Skip to content

Lepore-Hagan co-sponsors resolution to declare Juneteenth a federal holiday

The state legislator also is pushing for CARES Act funds to go to those most in need.
Michele Lepore Hagan
Michele Lepore-Hagan (Photo courtesy of ohiohouse.gov)

COLUMBUS — State Rep. Michele Lepore-Hagan, D-Youngstown, today signed onto a concurrent resolution urging Congress to designate June 19 a paid federal holiday. 

This date would be known as Juneteenth Independence Day in recognition of June 19, 1865, when news of the end of slavery reached the southwestern states two months after the end of the American Civil War.  

“Commemorating Juneteenth as a paid federal holiday will allow us a moment of reflection,” Lepore-Hagan said in a news release. “This is an important date in our history when we inched just a little closer toward justice for all. If we ever wish to move closer toward greater equality, we must acknowledge the stain of racism on our country.”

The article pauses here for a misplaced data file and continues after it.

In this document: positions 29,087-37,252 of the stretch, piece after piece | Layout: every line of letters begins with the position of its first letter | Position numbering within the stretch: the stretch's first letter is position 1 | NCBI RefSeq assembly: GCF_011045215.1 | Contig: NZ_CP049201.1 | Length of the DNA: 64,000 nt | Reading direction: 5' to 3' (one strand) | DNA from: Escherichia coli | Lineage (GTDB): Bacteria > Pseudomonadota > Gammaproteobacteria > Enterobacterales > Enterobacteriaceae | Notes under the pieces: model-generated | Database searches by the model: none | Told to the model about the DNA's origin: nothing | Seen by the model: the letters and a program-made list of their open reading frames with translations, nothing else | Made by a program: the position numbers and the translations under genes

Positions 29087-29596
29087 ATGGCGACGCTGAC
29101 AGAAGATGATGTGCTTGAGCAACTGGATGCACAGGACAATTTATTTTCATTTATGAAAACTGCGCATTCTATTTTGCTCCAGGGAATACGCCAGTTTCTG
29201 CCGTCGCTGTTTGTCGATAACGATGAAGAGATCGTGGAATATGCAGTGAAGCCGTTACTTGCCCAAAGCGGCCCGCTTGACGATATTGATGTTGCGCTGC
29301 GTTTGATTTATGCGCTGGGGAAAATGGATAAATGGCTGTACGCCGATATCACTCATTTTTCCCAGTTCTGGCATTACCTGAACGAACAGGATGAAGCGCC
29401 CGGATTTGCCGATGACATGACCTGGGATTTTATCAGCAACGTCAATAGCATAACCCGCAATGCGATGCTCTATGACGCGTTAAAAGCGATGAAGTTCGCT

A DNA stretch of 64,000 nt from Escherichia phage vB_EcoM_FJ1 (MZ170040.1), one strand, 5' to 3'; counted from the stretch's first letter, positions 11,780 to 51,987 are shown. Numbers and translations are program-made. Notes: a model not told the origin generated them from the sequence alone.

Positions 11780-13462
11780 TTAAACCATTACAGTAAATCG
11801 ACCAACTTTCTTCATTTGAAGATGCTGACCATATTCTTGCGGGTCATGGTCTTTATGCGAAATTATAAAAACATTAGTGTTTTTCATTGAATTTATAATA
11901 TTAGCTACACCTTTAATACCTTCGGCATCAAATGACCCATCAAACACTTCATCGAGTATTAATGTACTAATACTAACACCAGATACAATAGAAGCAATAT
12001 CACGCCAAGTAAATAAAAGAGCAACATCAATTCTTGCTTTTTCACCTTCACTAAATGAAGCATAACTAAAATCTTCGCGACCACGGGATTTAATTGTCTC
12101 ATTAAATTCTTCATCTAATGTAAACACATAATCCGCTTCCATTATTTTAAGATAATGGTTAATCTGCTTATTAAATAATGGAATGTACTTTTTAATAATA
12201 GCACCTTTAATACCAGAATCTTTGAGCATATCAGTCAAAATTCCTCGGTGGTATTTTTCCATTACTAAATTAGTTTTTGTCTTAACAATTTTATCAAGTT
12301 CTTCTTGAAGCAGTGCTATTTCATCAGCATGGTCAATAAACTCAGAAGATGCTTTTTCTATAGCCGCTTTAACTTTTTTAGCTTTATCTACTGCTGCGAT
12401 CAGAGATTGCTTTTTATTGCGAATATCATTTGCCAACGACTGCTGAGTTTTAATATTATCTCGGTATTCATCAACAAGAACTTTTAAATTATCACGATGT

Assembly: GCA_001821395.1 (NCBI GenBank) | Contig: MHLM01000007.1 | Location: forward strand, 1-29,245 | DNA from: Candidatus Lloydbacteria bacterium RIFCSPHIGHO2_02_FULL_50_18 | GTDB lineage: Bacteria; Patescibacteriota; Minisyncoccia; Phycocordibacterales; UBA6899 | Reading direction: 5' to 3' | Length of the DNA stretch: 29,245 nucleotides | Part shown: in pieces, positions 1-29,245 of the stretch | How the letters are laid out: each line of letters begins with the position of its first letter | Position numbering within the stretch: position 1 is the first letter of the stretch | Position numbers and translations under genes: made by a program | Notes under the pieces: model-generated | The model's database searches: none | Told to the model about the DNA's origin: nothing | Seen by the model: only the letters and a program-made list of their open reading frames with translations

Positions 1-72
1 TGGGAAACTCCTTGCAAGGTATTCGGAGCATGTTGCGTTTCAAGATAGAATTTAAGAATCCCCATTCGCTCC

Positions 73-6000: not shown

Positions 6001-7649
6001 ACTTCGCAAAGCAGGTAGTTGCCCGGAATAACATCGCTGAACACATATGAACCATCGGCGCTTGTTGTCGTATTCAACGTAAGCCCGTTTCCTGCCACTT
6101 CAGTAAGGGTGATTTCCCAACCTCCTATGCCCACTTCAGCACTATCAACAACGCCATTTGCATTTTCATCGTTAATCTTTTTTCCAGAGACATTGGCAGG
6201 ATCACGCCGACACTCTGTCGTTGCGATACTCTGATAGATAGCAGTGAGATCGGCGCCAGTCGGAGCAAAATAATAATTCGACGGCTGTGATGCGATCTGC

The resolution comes on the heels of civil unrest across the nation in support of racial equity and justice for African American communities.

Meanwhile, Lepore-Hagan along with other Democratic lawmakers sent a letter to Ohio Department of Education Superintendent Paolo DeMaria urging that he follow the original intent of Congress when it passed the CARES Act to provide support and target relief to students who need it most.

The request follows conflicting guidance from the U.S. Department of Education that states CARES Act funds should instead be distributed to all students regardless of their family’s income. 

“There are children in Ohio that need our help," Lepore-Hagan said. "This funding is meant for the students who need it most, and that’s exactly how Ohio should spend it." 

She said the CARES Act utilizes the Title I formula to distribute funds. Title I specifically provides financial assistance to local educational agencies for children from low-income families to help ensure that all children meet challenging state academic standards.  

The letter explains that following the U.S. Department of Education’s guidance would weaken Ohio’s ability to address the needs of low-income children, children with disabilities, students experiencing homelessness and foster care youth.




Comments